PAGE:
In addition to the aphid predators, there are other species that specialize on other types of prey. For example, Cryptolaemus is a mealybug predator; members of the genus Chilocorus are scale predators; and Stethorus species are predators of spider mites.
Ground beetles belong to the family Carabidae, which is one of the largest beetle families, with at least 34,000 and maybe more than 40,000 species worldwide. They are generally small to large (1/4 – 1 inch or more long), and brown or black in color. As the name suggests, they are usually found associated with the soil, particularly in damp habitats. Most are nocturnal, and during the daytime they can be found under plant debris, stones, logs, and in other hidden places. At night they come out to feed. During their foraging many will climb onto plants to feed on prey such as aphids and caterpillars. Others feed primarily in, or on the surface of soil and take a variety of types of prey that are encountered there. When disturbed, they run quickly, but seldom fly.
Many ground beetles have a single generation per year, but some complete two or three generations annually, and others may live 2-5 years. Usually it is the adult stage that overwinters. The larvae are also predators, but most spend their larval lives in the soil or other protected locations. Although ground beetles are generalist predators, and are frequently abundant, they may not always provide good pest control. The adults of many species will also feed on plant material, including pollen, fungi, and decaying plants; a few species feed on seeds, while a few others are considered to be damaging to agricultural crops.
This is a very large, diverse group with more than 29,000 species. They are mostly small to tiny, slender, and often black in color. The elytra (the first pair of wings in the beetles, which are hardened to cover and protect the beetle’s abdomen) are very short in the rove beetles, so that several abdominal segments are exposed. Many species are nocturnal, and many are found associated with the ground, such as under leaf litter or stones, or in loose soil. Some rove beetles apparently are scavengers, but many are general predators, in both the adult and larval stages. Some have been shown to be important natural enemies of the eggs and larvae of flies that breed in manure or similar habitats. Some types occur in vegetation where they prey on plant pests.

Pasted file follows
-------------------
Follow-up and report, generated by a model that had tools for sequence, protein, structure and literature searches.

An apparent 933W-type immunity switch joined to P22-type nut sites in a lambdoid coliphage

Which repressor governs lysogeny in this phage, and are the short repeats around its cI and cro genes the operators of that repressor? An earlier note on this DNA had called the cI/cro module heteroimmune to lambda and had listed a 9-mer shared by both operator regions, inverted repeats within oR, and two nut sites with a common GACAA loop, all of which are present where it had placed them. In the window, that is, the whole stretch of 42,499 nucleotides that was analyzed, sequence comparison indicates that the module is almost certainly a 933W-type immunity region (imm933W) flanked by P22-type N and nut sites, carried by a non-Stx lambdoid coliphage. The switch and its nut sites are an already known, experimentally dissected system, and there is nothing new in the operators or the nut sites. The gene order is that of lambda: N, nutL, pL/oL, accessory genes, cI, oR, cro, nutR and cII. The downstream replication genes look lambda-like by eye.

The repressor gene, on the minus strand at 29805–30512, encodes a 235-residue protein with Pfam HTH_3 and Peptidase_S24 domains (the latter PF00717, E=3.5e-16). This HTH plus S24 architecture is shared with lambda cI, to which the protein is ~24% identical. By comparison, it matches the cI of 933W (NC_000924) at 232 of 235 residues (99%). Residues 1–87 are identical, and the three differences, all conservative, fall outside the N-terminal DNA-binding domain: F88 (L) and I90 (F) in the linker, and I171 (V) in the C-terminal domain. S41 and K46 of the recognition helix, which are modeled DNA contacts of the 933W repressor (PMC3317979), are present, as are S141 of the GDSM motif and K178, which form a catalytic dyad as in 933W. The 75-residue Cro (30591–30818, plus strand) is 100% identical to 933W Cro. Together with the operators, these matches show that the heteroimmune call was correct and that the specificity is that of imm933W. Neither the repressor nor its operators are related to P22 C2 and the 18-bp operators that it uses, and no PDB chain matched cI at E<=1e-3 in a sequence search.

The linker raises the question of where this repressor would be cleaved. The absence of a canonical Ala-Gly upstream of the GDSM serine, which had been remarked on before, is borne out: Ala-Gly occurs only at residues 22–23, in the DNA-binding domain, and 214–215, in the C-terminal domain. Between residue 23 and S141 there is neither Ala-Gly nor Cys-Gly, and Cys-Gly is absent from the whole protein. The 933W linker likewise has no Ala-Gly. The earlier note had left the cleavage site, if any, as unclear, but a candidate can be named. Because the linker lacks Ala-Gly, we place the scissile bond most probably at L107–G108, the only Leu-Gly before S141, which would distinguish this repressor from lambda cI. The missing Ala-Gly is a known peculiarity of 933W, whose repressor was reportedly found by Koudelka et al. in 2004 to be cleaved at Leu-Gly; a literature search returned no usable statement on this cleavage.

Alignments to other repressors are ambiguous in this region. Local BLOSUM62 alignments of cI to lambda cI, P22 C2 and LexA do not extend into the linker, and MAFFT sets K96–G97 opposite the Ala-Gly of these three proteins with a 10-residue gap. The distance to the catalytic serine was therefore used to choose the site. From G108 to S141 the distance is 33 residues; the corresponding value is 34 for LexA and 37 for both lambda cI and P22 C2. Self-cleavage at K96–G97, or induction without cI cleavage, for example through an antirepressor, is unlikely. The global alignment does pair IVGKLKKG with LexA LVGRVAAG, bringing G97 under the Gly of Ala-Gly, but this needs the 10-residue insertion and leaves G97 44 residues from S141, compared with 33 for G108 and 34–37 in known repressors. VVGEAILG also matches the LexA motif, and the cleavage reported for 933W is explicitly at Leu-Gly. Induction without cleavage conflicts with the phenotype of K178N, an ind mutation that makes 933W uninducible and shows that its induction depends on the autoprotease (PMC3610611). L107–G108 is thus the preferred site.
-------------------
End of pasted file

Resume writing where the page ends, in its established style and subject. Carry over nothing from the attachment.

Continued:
Adult fireflies are medium-sized, dark-colored beetles with soft and flexible elytra. They rest on foliage during the day and fly at night. The nocturnal larvae of the familiar “lightening bugs” feed chiefly on snails and slugs; other prey of this family includes earthworms, cutworms, leaf beetle larvae and various other soft-bodied insects. Luminescent larvae are often called “glow-worms,” a name also used for larvae of another family, the Phengodidae. The adults use their flashing lights in the mating process. Over 2,000 species have been described, with 125 in North America. The larvae prefer damp places and are inactive by day. Mollusk feeders live in moist habitats. Other species are found under debris on the ground, beneath bark, stones or decayed vegetation where considerable moisture exists.
Soldier beetles – Family Cantharidae
Adult soldier beetles are elongate, soft-bodied beetles similar to fireflies. They are usually found on flowers, and some species have been observed feeding on aphids and other soft-bodied insects. The larvae of most species are predaceous on other insects, including eggs of grasshoppers, small caterpillars, maggots and other soft-bodied insects. Some are omnivorous, feeding to some extent on plant tissue such as wheat grains and vegetables. Some 4,500 species are known in the world with 468 in North America. A common species in the Midwest is the goldenrod soldier beetle.
Most gardeners are more aware of the plant feeding (phytophagous) beetles than the predatory types. There are numerous beetle families that are primarily phytophagous. Many of these are found in forests, aquatic habitats, or in decaying vegetation. The four most important families of beetles with common garden pests and two additional families that have some significant pests of ornamental plants are reviewed here.
Leaf beetles – Family Chrysomelidae
This is an abundant group with about 35,000 species worldwide and 1,500 in North America. The adults are oval to oval-elongate in shape, but vary a lot in color and shape so they can be difficult to recognize consistently.
Both the adults and larvae are plant feeders. Adults typically feed on flowers and foliage. When numerous, they remove a lot of leaf tissue and can cause significant damage to the plants. Although some larvae also feed on leaves, many larvae attack plant roots.
This group includes many serious garden and agricultural pests including asparagus beetles (Crioceris spp.), bean leaf beetle (Cerotoma trifurcata), Colorado potato beetle (Leptinotarsa decemlineata),
corn rootworms (Diabrotica spp.), cucumber beetles (Diabrotica undecimpunctata howardii and Acalymma vittata), elm leaf beetle (Pyrralta luteola) and numerous types of flea beetles. The flea beetles have hind legs modified for jumping, so they scatter quickly when disturbed. The adults chew round shotholes in foliage; the larvae feed on plant roots.
Scarab beetles – Family Scarabaeidae